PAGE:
Conceptual Framework For Addressing Functional Decline

1531 Words Oct 10th, 2015 7 Pages
Conceptual framework for addressing functional decline in elderly
Health is probably the most significant aspect of human life as it allows individuals to properly experience the nature of one’s existence and surroundings. World Health Organization (WHO) defines health as a state of physical and psychosocial wellness and not simply the absence of diseases or illnesses (Callahan, 1973). On a personal level, health can be defined as an ability to carry out day-to-day activities without loss of independence and functioning and wellness as the subjective perception of one’s health. Thus, in the continuum of wellness to illness, health can be defined in terms of functionality (McMahon & Fleury, 2012).
Decline in physical and cognitive
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health care expenditures (De Nardi, French, Jones, & McCauley, 2015). Elderly are considered vulnerable population as a majority of them have physical and mental impairments and a significant proportion of them lack the ability to perform necessary activities of daily living (ADLs) (Fineman, 2012). Currently, 1.5 million U.S. seniors live in nursing homes and ¾ of them depend on Medicaid to pay the steep cost of nursing homes. The average annual cost of nursing home is $83,000 and with the inflation rate of 4% per annum it will continue to rise as more than 10,000 baby boomers turns 65 every day (Rahman, Applebaum, Schnelle, & Simmons, 2012).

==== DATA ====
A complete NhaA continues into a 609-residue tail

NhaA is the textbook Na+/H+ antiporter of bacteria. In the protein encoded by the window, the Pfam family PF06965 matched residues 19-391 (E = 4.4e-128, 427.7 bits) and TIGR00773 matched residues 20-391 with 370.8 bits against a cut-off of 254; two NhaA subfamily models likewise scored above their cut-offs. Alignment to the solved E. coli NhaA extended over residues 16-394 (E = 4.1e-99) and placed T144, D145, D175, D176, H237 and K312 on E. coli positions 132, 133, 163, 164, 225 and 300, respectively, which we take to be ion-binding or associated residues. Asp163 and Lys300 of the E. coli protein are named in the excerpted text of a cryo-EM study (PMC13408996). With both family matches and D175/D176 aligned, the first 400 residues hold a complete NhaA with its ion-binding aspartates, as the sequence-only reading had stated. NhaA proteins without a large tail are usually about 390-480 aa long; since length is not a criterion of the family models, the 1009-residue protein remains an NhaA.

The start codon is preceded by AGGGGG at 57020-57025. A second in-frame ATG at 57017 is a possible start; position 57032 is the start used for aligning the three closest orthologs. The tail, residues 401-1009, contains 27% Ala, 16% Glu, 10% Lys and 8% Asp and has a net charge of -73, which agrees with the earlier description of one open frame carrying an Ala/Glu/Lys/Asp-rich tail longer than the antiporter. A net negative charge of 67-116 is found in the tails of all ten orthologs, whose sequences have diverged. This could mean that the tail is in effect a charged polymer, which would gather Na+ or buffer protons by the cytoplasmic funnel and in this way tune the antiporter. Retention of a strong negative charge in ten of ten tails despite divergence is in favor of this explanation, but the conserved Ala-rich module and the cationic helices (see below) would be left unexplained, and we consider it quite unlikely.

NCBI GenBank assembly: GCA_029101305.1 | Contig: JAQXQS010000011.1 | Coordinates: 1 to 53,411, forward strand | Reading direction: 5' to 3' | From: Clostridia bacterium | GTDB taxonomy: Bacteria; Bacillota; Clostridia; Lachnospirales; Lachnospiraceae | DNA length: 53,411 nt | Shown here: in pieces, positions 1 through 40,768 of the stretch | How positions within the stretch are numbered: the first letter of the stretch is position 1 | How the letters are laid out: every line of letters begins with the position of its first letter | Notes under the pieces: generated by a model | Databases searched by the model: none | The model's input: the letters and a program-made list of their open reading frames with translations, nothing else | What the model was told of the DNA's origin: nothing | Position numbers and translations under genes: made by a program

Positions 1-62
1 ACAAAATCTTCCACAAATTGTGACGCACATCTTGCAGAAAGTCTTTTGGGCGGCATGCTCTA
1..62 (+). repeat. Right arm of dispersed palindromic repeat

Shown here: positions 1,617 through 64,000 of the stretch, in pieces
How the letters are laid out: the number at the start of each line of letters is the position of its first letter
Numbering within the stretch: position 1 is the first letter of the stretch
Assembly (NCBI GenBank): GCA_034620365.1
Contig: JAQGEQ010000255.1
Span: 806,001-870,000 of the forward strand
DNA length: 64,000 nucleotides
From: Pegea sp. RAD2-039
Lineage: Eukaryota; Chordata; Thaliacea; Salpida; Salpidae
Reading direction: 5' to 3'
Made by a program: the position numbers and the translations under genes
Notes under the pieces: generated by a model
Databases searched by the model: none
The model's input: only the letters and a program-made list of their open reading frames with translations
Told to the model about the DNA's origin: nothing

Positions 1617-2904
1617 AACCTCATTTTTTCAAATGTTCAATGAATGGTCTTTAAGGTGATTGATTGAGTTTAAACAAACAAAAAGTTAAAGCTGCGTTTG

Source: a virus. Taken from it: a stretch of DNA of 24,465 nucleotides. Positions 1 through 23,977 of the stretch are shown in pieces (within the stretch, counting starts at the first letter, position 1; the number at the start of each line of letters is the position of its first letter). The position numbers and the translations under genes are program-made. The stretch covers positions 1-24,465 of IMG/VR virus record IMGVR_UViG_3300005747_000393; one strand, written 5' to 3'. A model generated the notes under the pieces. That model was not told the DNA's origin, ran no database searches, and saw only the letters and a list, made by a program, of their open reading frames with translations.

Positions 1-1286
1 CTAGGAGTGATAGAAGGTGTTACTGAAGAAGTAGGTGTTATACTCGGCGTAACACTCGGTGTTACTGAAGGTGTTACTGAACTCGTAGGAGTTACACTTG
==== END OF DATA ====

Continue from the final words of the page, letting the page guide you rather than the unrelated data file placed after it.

Despite the expensive arrangement for accommodation and availability of nursing care, residents of nursing homes have a high rate of hospitalizations and readmissions. According to V. Mor, Intrator, Feng, and Grabowski (2010), the re-hospitalization rates among nursing home residents were as high as 28.1% and over 78% of them were preventable. The Centers for Medicare and Medicaid Services reported that the cost of hospitalization of nursing home residents in the year 2006 was $10,352 per admission with an aggregate of $4.34 billion. This was $3.39 billion in excess cost paid by the government, which was completely avoidable (Ouslander & Berenson, 2011). Research analyses have suggested that hospitalization of the nursing home resident is influenced by the structure and processes involved in the

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